Uncertainty in inferences from groups to individuals
Epidemiological risk factors do not in fact refer to individuals, but rather to investigated populations. From the paragraph above we can apparently deduce that the situation would be simpler if Eva were a man, since there are studies available on the treatment effect of anti-cholesterol drugs in healthy men (13). In this section we will clarify why epidemiological data cannot directly help reduce strict uncertainty to calculated risk in individual clinical decisions.
Making inferences from groups to individuals is simple when the groups are homogenous, for example black or white balls. People are extremely heterogeneous. Epidemiological studies therefore need to be large to statistically even out all individual idiosyncrasies. To be able to infer the risk for one individual from the risk for a certain group of men, we need to assume that he is representative of the group. He must not possess any medically relevant idiosyncrasies.
But such idiosyncrasies exist. Some of them may be included in the next study, with a finer resolution in the information on physiological and genetic parameters. Other idiosyncrasies are too subtle for statistical epidemiology. One could imagine an overweight, but heavily grief-stricken pastry chef who quit smoking six months ago. He deals with grief by eating his own elaborate patisseries. If he stops comfort-eating there is a high risk that he will start smoking again. In this case, dietary advice will increase his risk of cardiovascular disease, in spite of all convincing epidemiological data stating that overweight is an independent risk factor. After all, smoking entails an even higher risk.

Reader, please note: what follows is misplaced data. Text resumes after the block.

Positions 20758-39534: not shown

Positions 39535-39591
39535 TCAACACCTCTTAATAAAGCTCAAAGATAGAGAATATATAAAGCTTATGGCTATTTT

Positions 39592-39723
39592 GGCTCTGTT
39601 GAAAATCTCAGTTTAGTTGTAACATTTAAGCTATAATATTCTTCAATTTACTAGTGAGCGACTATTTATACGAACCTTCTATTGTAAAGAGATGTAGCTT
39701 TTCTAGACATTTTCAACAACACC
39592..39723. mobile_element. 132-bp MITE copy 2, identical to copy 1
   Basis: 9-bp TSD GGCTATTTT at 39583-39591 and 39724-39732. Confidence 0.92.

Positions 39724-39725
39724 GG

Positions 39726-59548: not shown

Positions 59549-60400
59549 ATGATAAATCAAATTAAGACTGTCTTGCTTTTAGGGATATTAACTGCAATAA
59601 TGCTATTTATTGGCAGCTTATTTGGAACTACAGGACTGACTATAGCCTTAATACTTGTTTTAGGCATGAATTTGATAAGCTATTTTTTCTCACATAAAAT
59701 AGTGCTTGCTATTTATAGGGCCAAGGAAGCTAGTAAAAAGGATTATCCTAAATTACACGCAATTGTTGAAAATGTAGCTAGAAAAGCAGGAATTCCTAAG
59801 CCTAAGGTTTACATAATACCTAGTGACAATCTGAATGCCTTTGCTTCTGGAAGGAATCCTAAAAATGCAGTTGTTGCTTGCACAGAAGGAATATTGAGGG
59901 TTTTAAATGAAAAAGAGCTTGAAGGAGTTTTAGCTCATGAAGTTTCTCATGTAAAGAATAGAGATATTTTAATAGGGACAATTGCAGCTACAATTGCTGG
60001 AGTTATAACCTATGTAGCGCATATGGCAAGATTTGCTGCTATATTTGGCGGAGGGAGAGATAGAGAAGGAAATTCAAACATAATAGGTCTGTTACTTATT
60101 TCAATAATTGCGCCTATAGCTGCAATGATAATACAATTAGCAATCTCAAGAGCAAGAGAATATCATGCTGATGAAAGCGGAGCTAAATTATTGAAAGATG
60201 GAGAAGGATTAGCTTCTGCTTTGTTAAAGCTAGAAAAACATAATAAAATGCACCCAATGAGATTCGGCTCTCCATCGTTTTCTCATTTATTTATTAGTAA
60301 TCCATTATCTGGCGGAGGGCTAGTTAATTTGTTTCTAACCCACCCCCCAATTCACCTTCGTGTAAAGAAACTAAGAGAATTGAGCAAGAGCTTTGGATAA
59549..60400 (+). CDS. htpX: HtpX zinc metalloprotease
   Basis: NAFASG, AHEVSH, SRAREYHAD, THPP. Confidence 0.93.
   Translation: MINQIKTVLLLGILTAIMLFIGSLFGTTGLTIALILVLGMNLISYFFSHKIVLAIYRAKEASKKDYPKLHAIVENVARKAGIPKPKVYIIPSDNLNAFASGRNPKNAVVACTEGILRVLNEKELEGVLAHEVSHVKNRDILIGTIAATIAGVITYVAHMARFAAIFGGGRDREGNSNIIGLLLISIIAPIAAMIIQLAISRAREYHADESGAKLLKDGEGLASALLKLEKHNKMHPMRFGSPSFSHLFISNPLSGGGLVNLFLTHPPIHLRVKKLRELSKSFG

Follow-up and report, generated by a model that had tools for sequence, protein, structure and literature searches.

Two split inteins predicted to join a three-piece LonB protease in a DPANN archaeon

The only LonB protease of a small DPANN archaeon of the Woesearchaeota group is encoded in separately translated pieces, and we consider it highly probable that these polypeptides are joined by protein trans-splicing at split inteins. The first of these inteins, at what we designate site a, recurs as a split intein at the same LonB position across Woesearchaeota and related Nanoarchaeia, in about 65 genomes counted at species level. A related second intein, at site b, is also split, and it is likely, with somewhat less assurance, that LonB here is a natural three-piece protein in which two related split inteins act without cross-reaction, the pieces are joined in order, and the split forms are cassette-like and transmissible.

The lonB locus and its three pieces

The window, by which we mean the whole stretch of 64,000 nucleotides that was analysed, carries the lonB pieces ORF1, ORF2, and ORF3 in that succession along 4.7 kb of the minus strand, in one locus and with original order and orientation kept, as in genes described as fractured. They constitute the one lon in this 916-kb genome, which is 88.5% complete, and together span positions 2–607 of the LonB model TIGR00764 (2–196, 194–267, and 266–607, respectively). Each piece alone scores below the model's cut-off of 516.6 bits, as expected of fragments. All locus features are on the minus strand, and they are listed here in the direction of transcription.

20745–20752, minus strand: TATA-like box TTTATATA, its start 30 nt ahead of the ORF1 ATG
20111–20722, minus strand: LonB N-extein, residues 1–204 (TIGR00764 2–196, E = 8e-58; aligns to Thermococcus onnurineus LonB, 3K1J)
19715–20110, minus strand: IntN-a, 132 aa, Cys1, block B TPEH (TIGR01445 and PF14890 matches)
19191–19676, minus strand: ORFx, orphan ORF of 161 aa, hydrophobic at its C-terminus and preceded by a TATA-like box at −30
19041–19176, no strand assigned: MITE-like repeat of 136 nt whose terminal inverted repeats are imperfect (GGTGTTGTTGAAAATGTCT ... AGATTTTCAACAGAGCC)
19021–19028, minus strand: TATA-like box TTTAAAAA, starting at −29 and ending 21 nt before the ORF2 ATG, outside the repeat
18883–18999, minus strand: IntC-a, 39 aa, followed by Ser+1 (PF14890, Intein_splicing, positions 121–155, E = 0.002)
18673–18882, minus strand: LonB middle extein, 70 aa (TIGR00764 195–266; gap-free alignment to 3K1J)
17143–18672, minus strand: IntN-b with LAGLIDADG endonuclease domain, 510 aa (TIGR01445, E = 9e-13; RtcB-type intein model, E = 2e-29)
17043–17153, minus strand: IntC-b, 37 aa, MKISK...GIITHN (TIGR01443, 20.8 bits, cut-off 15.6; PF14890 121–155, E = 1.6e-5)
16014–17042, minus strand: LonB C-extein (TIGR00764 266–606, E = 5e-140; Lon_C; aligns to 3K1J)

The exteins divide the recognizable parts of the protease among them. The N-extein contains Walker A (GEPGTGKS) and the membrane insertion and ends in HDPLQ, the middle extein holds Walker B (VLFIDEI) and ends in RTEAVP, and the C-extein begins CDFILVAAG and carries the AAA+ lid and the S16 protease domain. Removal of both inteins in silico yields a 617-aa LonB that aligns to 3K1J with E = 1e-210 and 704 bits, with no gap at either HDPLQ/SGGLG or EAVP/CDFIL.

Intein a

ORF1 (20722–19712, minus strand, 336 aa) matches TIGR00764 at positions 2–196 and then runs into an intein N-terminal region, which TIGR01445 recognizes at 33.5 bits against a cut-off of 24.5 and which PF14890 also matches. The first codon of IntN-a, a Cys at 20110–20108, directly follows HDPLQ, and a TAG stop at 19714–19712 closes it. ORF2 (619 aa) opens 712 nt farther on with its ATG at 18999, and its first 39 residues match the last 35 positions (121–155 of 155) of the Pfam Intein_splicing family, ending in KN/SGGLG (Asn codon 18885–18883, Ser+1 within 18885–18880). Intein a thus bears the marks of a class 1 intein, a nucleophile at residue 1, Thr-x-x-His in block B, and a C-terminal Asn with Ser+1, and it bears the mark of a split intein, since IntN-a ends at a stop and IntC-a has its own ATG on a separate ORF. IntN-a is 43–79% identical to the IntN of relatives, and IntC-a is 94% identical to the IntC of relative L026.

To the extent that the doctor is aware of such idiosyncrasies, she will have to assess their importance. The question will be whether the pastry chef’s representativity is so small that discarding the standard estimates of risk will be reasonable. The answer to this question will often be uncertain. Quantifying this uncertainty in the form of risk is nearly hopeless, since there is no epidemiological knowledge on grief-stricken pastry chefs. The doctor is therefore facing a situation characterised by strict uncertainty.
On other occasions, such issues objectively exist without the doctor being aware of them. From a bird’s eye view, we are apparently observing a paradoxical situation: it seems less problematic to use the risk estimate when we have less information on the patient. Could a lack of knowledge help us avoid the problem of strict uncertainty?
The paradox can be solved by realising that before a decision on medical procedures is made, we are making a choice of methodology. It is always possible to choose to handle strict uncertainty as risk (possibly adjusted with the aid of some medical discretionary judgment). The question is whether this is wise. The doctor who receives the pastry chef as his patient discerns this choice of methodology and will in this case have ample reason to discard the risk estimate. However, an implicit choice of methodology is invariably made.
How large is the medical effect of using risk estimates instead of de-emphasising them and instead spending more time and effort on looking for relevant idiosyncrasies in the patient’s history, life situation and self-concept? Is the effect positive? Can we know anything in general about this at all?
In our opinion, it is self-evident that establishing mathematical control over clinical uncertainty with the aid of risk estimation is an illusion.